Keira Lynch may be a lawyer, but that doesn’t mean she plays by the rules. She has been summoned to give evidence against an Albanian hit man. She was there the night he murdered the mother of a five-year-old boy. She remembers it well – it was the same night he put three bullets in her chest and left her for dead.
But there are powerful people who want the hit man back on the streets. When they kidnap the boy, she is given a choice: commit perjury, blow the trial and allow the killer to walk or give evidence, convict him and watch the child die. Keira must make a decision. This time, does she have to cross a line to win?
Following Seventy Times Seven and Blood Whispers, this is the third of J. G. Sinclair’s crime thrillers featuring the character of forthright and feisty Irish lawyer Keira Lynch. Lynch is juggling the dual concerns of an explosive court case back in her adopted city of Glasgow, but also tracking down the whereabouts of an orphaned boy in Albania to provide a better future for him after the violent death of his mother. Still recovering from the violent events recounted in the previous book, once again Lynch is in a killer’s sights, and must call on all her mental and physical strength to outwit the bad guys…
Quite honestly I could just say that I absolutely blooming loved this, and leave it at that, but as this is not an Amazon review, although I did receive the book well-packaged, I will share a little more with you. J. G. Sinclair was speaking at a recent crime festival, and said that his writing was incredibly influenced by the visual nature of the scenes and how this committed itself to the page, and I was incredibly struck throughout by the very strong sense of scene setting that Sinclair ingrains in his book. Be it the austere surrounds of a Glasgow courtroom, the terrace of a hotel in Albania, or a small village in which one particularly beautifully described building houses a horrific discovery. A sense of location and atmosphere suffuses the book consistently throughout, giving added depth and colour behind the central action as a backdrop to the increasingly precarious and dangerous situation that Lynch finds herself involved in.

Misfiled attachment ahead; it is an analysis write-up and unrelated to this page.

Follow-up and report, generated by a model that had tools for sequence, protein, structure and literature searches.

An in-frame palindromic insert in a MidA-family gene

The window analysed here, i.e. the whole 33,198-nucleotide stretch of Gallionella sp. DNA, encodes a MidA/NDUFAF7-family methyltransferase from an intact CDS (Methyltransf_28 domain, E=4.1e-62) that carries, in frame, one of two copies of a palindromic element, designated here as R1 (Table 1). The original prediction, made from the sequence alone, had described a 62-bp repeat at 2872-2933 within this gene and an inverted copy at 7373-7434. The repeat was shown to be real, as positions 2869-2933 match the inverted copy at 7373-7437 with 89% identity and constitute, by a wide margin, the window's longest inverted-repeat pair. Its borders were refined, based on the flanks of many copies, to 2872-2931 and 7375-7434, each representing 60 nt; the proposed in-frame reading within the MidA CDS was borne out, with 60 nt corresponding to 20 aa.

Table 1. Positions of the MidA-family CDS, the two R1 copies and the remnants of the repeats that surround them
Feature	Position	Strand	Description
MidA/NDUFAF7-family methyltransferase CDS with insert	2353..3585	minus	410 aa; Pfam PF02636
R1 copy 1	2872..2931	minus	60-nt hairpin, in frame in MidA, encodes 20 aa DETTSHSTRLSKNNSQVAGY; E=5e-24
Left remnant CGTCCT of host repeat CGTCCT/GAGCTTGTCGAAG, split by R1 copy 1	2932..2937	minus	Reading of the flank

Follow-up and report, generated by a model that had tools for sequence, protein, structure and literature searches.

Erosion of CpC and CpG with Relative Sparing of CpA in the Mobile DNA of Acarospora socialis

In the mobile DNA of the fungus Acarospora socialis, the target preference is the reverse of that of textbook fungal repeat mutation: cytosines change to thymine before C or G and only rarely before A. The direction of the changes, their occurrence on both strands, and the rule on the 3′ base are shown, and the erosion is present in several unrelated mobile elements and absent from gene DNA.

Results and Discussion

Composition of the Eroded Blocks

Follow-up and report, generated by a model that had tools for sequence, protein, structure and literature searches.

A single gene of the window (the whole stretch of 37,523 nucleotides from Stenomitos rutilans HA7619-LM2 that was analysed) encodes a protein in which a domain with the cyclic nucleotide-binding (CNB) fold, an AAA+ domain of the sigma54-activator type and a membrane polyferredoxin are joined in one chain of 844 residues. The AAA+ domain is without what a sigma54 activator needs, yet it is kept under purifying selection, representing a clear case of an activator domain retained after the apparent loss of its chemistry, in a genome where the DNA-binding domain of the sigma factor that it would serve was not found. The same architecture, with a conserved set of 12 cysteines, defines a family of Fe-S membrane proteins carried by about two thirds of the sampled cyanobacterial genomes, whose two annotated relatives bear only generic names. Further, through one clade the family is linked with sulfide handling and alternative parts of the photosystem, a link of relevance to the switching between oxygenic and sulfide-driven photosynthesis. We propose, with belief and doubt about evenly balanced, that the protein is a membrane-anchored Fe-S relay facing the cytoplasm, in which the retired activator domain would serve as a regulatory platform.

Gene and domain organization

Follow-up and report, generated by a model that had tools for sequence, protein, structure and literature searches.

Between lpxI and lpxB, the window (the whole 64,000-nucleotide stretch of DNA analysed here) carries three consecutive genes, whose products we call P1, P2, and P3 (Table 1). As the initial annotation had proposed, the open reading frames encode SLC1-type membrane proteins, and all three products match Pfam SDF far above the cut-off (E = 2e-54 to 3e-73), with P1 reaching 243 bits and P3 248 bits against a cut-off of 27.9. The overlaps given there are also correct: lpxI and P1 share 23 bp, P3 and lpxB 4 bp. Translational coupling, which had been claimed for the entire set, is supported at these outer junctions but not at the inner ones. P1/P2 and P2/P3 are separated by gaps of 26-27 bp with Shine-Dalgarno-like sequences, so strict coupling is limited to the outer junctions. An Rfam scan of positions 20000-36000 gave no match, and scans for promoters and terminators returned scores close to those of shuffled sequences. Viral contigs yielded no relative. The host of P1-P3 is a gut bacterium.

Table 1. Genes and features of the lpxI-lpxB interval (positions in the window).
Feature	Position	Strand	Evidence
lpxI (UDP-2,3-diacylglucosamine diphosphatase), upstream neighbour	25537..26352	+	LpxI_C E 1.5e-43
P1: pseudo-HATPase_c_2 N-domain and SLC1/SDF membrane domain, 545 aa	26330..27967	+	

The plot is utterly compelling, bolstered to some degree by the strength of Lynch’s character, but more simply that Sinclair has a knack for pure thrilling storytelling. There are bad guys, good guys, good guys that could be bad and vice versa, and the relentless pressure of Lynch’s mission to rescue this small child, and seek justice for his murdered mother driving the plot on at a furious pace. The violence is swift and uncompromising, but unlike many thrillers I have read where the degree of violence visited on one woman seems somewhat incredulous, Lynch is very much physically capable to meet violence with violence. Aside from her physical prowess, and her amazing knife skills, she is strong, mentally resilient and quick witted, continually assessing, planning, premeditating and changing tactics to overcome the peril she finds herself in. She’s also a pretty good lawyer. And justifiably killed a man when she was a small girl. She’s great.
I read Walk In Silence at a frenetic pace, as the speed and energy of Sinclair’s writing, just pushes you on mercilessly, and avoiding spoilers I think the ending could be an interesting set-up for a new fork in Lynch’s life. Action, spills, thrills and some emotional depth it has to be said, amongst the maelstrom of violence and duplicity. Great thriller. Highly recommended.
(With thanks to Faber for the ARC)
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